That said, back to the business of prophecy. From time immemorial, prophets have clashed with ruling systems because prophecy is seldom from within the establishment. Prophecies are necessarily threatening and subversive to established order.
Otherwise, what’s prophecy for if not to right wrongs? Prophecy challenges complacency and ills like corruption. Prophecy is never popular with the rulers because, by its very nature, it challenges the prevailing, dominant values. By challenging rulers’ policies, the biblical prophets invited retribution despite the frequently observed tradition of “prophetic immunity” in Judah and Israel.
Likewise, Jesus can be viewed as a social prophet. He courageously confronted injustice. His actions which could be interpreted politically led to his execution. Had he been living in Malawi, what TB Joshua said was politically dangerous: merely prophesying Mutharika’s death would have invited the anger and violence of the State. Only last week, Prophet Emmanuel Makandiwa had to hastily issue a “clarifying” statement denying any political undertones in his Easter prophecy.

And this cuts across religions. There was Chaminuka, a famous seer in Mashonaland. “In 1883, a man who believed Chaminuka to have been responsible for the death of his wife went to Lobengula with a false accusation of witchcraft against him. The king may or may not have believed this, but in any case he resolved on Chaminuka’s destruction. He sent him a message, inviting him to Bulawayo on a friendly visit, but the old man was not deceived. He said: “I go to (there), but I shall not return; but, mark you, some eight years hence, behold I the stranger will enter, and he will build himself white houses.” The prophecy was fulfilled before the eight years were out, for the (British) Chartered Company’s pioneer expedition entered Mashonaland in 1890,” as cited by Terrence Ranger in Oxford Journals.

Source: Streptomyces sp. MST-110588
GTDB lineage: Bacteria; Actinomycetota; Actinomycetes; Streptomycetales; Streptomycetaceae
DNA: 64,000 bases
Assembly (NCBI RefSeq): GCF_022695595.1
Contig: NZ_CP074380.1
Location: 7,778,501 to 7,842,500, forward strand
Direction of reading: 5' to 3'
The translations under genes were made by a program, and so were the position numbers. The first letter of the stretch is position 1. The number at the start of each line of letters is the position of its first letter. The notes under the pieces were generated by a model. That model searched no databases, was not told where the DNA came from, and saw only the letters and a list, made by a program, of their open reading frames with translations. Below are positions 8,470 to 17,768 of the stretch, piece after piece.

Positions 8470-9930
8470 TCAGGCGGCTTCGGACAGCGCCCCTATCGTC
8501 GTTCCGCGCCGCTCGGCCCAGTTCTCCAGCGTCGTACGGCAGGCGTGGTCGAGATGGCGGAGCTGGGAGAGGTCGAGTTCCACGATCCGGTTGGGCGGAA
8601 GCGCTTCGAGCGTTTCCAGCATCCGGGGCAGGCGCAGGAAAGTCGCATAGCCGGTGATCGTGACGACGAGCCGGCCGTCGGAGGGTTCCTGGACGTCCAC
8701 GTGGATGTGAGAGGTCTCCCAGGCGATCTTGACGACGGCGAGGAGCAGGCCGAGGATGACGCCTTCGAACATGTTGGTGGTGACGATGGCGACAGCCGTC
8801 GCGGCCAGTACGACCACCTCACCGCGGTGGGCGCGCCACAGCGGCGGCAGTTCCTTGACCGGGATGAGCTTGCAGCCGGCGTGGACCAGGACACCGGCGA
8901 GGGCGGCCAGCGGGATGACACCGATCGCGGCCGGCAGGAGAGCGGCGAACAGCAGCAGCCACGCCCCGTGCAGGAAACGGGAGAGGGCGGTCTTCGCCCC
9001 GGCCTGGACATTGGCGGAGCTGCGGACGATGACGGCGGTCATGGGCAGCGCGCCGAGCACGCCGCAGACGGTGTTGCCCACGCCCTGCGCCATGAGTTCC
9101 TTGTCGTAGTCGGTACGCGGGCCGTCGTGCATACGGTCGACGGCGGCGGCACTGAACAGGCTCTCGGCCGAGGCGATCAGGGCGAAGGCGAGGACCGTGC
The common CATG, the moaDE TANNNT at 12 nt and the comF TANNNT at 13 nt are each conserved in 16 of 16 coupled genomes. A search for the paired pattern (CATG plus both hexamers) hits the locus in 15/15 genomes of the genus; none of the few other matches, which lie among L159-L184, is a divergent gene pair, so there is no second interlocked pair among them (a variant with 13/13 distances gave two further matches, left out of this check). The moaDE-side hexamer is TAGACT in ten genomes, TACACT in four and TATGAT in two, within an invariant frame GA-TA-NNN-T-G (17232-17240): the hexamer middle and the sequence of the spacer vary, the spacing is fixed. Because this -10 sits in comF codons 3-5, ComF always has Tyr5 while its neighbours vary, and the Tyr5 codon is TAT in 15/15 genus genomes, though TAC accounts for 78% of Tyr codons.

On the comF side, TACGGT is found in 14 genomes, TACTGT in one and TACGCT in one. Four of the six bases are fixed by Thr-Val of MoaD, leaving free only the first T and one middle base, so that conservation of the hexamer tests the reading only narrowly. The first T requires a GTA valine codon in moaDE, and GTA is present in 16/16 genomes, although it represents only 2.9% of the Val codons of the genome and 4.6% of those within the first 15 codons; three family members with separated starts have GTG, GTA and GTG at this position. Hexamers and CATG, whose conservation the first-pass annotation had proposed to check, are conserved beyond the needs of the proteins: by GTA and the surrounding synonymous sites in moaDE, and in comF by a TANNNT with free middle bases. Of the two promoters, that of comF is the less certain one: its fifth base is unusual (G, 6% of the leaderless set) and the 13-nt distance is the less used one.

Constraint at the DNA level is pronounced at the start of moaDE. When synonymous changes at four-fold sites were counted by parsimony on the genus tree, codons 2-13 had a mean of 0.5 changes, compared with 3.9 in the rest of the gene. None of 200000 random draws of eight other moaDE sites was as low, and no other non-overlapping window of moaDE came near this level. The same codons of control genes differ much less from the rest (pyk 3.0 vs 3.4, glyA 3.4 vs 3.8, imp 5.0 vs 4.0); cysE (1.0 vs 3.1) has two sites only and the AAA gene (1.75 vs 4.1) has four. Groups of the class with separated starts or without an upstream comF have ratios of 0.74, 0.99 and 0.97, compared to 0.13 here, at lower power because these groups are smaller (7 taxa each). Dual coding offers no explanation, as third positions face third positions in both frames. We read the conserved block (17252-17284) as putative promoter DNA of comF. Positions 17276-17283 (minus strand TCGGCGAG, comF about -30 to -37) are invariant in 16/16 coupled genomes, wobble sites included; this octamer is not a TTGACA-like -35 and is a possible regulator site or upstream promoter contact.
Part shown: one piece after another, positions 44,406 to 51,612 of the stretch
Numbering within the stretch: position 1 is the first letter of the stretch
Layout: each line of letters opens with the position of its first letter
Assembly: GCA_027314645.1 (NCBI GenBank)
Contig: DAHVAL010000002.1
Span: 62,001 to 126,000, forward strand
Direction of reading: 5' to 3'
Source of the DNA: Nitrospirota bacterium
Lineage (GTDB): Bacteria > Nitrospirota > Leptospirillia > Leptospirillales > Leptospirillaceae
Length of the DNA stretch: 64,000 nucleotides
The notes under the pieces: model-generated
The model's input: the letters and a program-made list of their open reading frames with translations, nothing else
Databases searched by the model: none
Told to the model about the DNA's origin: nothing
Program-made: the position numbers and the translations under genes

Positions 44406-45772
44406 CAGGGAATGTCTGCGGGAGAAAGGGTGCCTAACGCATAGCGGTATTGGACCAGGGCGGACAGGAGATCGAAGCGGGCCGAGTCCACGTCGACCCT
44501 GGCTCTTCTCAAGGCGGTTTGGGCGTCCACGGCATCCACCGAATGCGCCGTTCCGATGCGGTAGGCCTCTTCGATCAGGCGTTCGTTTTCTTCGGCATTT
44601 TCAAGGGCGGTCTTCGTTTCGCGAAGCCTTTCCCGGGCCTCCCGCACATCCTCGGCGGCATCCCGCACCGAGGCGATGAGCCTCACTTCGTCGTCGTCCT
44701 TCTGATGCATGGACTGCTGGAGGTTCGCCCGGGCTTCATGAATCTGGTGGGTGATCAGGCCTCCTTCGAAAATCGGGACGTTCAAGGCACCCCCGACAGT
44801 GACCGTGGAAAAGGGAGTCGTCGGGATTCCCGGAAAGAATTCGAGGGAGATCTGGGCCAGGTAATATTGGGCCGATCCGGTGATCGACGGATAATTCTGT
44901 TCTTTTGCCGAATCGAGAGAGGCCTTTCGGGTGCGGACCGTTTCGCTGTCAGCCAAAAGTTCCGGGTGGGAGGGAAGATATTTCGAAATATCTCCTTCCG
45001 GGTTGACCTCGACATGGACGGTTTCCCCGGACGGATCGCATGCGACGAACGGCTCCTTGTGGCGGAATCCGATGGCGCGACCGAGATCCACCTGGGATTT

That’s why the white occupiers had to hang Mbuya Nehanda and Sekuru Kaguvi in 1898, with Nehanda prophetically saying her “bones would rise”. They posed a revolutionary challenge to the new colonial political order. As true prophets, they faced the consequences of their message. Their words were a prophetic declaration, rather than utterances of political zealots or opportunists seeking a following as seen in Moyo’s self-serving attack on TB Joshua.

That is why TB Joshua’s prophecies unsettle those who have a vested interest in the maintenance of the status quo and will defend it to the deepest of ridiculous depths. They are too mean and greedy to change — that’s why they write off genuine criticisms of them, including from churches, as foreign-engineered conspiracies. They are like temple prophets. They tell the rulers what they want to hear.

TB Joshua is not one for that —that’s why the Moyos of this world are throwing vitriol and insults at him, shooting the messenger
instead of the message.

ctutani@newsday.co.zw